I’d love to hook you up with a trial and see what you think! I think you’d have a great perspective on it…

  4. Like the tips Robert and I have always been a fan of simplicity in design. Although I should have done it by now I do need a resources page and become a little more single minded re design. One question for you is do you have any stats that these changes work better for certain websites and markets than others?

    • Hi Susan – you might not like this answer but it’s really a case-by-case basis. For instance removing the sidebar here has improved all of my stats (video coming later in the week) but I wouldn’t remove it from any of my client’s sites, yet.

      However I have found that regardless of industry resource pages work very well when used as primary navigation. I create these pages for ALL client sites I build. Additional opt-in forms vary though so I typically start with many and then remove the ones that get no opt-ins AFTER I test different call to action copy.

  5. Robert, nice post. On the opt-in discussion what are your thoughts on pop-ups? I’ve been hesitant to go there but I know lots of people who say it has helped raise sign-up rates quite a bit. As for the sidebar discussion, I’d be hesitant to do that. I personally don’t like going to sites with limited navigation so I’d hate to “trap” them inside a deep page on the site with limited options to explore.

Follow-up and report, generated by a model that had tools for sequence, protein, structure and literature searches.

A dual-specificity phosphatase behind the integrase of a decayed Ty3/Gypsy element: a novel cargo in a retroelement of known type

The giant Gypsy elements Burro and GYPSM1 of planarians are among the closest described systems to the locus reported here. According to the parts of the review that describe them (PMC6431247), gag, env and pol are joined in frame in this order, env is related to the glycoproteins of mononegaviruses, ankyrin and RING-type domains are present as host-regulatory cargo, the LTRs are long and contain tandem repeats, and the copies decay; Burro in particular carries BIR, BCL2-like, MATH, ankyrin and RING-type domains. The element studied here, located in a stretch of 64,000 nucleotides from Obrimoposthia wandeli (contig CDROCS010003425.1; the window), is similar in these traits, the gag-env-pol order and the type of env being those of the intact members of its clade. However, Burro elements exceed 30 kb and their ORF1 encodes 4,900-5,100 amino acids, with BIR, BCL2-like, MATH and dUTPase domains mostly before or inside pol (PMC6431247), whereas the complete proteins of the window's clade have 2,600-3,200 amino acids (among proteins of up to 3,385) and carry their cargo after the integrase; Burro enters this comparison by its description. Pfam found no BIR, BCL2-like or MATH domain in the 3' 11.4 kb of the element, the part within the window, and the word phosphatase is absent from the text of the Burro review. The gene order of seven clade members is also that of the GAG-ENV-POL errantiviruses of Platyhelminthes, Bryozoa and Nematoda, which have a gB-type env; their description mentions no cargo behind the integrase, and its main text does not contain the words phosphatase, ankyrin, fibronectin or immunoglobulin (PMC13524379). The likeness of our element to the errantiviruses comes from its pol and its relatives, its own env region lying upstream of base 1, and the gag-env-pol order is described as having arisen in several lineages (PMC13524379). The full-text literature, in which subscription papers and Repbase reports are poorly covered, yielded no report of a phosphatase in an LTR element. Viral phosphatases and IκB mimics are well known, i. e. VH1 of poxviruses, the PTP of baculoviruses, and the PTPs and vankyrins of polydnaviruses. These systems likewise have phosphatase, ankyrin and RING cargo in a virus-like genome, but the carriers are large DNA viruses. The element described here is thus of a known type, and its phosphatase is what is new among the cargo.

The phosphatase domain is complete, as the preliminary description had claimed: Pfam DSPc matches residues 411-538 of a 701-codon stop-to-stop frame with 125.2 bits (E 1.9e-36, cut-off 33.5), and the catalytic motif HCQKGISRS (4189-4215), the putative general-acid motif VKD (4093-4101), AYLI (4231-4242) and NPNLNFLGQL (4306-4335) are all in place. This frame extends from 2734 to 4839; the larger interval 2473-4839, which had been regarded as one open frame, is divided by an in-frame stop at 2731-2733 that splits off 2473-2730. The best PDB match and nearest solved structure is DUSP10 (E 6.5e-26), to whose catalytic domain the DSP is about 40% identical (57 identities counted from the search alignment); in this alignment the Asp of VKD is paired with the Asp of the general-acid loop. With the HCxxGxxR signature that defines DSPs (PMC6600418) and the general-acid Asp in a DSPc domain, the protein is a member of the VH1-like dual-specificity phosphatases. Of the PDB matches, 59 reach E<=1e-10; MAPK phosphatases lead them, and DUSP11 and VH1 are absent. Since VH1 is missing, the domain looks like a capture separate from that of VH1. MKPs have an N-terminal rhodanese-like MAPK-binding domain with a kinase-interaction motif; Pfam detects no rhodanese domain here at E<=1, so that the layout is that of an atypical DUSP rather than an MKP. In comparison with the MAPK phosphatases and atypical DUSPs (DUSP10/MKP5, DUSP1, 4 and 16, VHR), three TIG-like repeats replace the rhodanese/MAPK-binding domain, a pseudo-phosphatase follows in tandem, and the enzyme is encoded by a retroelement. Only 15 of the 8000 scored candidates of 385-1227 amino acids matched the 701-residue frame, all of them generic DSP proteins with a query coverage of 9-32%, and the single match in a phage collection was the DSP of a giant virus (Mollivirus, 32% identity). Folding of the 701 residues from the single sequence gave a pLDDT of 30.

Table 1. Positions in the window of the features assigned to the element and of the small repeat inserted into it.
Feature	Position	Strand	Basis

• Hi Tom – I’m not a fan of popups myself however as you say people have had success with them. Frankly there’s only one way to find out – test it. If you do be sure to take a snapshot of all your metrics before implementing the popup, for instance the Google Analytics overview data (with goals), run it for a few weeks and compare. If numbers start dropping off fast though kill it.